Benjamin Franklin once wrote, “In this world, nothing can be said to be certain, except death and taxes.” Fortunately, life insurance can help you with both. It provides financial protection for your family when you die and it can help you with taxes while you are alive.
Although you should consult your tax advisor for specific advice in your particular situation, here are the most frequent questions AAFMAA Members ask us about the tax implications of their life insurance policies.
1. Do I pay taxes on the cash value growth in my whole life insurance policies?
No. On your annual statement detailing your Value-Added Whole Life and Wealth Builder Life Insurance policies, you earn interest based on AAFMAA’s crediting rate — beginning at 5.0%*. The cash value growing on your policies pays for policy expenses and is not taxable.
2. When I die, will my beneficiaries pay taxes on the death benefit?
No. The IRS generally does not tax death benefit proceeds.
3. If my beneficiaries leave the death benefit on account with AAFMAA, will the interest they earn be taxable?
Yes. Although payment of the death benefit is not taxable, the IRS considers interest paid on a death benefit as ordinary income and AAFMAA will report it on form 1099 if it is more than $600. If your beneficiaries choose a life annuity, they will receive a stream of payments for life — in part from the original non-taxable death benefit and also from the part that is taxable interest.
4. If I cash surrender my whole life policy, will I have to pay taxes?
Yes, probably. When you surrender your policy, AAFMAA will pay you the cash value of the current policy. The government will tax you the amount in that cash value that is greater than the premiums you paid. AAFMAA will report that amount, considered ordinary income, to both you and the IRS on Form 1099.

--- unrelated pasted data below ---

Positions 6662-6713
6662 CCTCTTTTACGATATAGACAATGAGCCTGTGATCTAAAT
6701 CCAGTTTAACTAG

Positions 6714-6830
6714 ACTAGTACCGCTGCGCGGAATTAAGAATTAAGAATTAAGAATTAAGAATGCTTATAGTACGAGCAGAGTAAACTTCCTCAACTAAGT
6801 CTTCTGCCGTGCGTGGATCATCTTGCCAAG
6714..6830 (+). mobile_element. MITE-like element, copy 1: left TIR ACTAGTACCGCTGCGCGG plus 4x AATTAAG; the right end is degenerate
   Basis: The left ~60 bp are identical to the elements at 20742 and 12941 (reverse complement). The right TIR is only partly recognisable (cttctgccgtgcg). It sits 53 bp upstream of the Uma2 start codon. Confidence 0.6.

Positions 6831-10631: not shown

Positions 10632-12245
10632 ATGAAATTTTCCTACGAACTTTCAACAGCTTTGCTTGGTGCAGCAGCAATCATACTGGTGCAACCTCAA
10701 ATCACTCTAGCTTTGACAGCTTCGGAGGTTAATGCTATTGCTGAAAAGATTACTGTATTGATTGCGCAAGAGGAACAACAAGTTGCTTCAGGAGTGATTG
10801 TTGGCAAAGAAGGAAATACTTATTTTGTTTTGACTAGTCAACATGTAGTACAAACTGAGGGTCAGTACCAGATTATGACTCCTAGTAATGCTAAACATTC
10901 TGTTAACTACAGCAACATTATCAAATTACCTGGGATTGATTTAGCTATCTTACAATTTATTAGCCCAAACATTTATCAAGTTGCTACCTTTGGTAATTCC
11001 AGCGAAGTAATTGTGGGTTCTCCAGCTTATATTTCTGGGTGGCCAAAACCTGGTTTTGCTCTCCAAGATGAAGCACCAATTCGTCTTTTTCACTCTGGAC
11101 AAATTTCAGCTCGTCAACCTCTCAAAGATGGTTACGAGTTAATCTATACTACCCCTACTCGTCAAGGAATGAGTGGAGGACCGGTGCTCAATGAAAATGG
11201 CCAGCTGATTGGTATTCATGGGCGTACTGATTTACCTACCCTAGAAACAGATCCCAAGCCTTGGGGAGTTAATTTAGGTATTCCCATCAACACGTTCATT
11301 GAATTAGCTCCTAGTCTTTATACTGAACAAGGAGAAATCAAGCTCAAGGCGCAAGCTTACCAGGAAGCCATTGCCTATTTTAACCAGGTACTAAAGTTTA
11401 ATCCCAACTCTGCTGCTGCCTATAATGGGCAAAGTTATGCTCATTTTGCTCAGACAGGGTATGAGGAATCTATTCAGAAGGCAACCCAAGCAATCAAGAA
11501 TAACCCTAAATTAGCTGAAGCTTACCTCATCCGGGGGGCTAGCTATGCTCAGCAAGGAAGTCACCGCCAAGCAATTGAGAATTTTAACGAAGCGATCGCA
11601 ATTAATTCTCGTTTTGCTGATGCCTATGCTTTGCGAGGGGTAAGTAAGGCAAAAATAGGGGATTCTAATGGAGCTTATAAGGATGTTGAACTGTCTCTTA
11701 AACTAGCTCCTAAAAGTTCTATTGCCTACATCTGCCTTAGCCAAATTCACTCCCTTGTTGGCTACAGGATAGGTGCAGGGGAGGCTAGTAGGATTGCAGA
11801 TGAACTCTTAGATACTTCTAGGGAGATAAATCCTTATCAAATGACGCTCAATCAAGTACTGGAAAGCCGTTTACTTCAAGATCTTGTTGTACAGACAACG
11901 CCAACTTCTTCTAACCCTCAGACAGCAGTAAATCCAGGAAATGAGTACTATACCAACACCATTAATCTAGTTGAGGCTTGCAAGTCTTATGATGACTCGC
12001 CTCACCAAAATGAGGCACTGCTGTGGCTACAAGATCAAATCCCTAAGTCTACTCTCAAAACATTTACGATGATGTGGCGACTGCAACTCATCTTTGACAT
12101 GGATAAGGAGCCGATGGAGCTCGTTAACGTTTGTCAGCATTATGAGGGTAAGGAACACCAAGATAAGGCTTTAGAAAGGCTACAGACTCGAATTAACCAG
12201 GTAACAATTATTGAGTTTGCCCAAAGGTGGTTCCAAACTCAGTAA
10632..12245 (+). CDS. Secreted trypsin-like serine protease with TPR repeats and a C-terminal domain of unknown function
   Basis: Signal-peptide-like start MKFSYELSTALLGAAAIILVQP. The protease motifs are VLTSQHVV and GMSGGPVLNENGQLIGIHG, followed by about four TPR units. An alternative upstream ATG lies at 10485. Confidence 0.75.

5. If I borrow through a policy loan, is that loan taxable?
No. For most “ordinary” whole life policies, the government does not tax the borrowed amount. For any policy that is a “Modified Endowment Contract” (MEC), including all Wealth Builder Life Insurance policies and other policies for which you paid a single premium, the government will tax proceeds from the loan that are greater than the premiums you initially paid for it as ordinary income — similar to surrendering the policy.
6. If I exchange one life insurance policy for another, do I have to pay tax on the gain?
No. In nearly all cases involving an exchange of one policy for another — known as a 1035 exchange — the government will not consider the gain as taxable income. The insurance company for the old policy will report the exchange to you on Form 1099-R, which you must record as part of your taxes, but the proceeds are not taxable if they are entirely used to purchase another life insurance policy.
7. If I receive my life insurance proceeds as a Long-Term Care Settlement, do I pay taxes on those payments?
No. Assuming the settlement payments amount to less than the IRS maximum ($330 per day) and you use them for qualified long-term care expenses, the government will not consider those proceeds as taxable income.
8. Is interest that I pay on my Career Assistance Program (CAP) Loan deductible?
No. The CAP Loan is a consumer loan and, as a result, the interest paid is not deductible.
When to Consult Your Tax Advisor
If you have any specific questions, you should consult your tax advisor, or you can reach out to Military OneSource which provides tax assistance and financial counselors for active-duty servicemembers, spouses and dependent children of the eligible servicemembers. Members of the National Guard and Reserve — regardless of activation status. Retired and honorably discharged servicemembers, including Coast Guard Veterans, within 365 days of their discharge.
If you need more information about your policy, please contact Policy Services at [email protected].
*AAFMAA's crediting rate is currently 5.1% for Wealth Builder Life Insurance and 5% for Value-Added Whole Life for 2024. These rates are not guaranteed and are subject to change.
This article was originally published March, 16, 2016.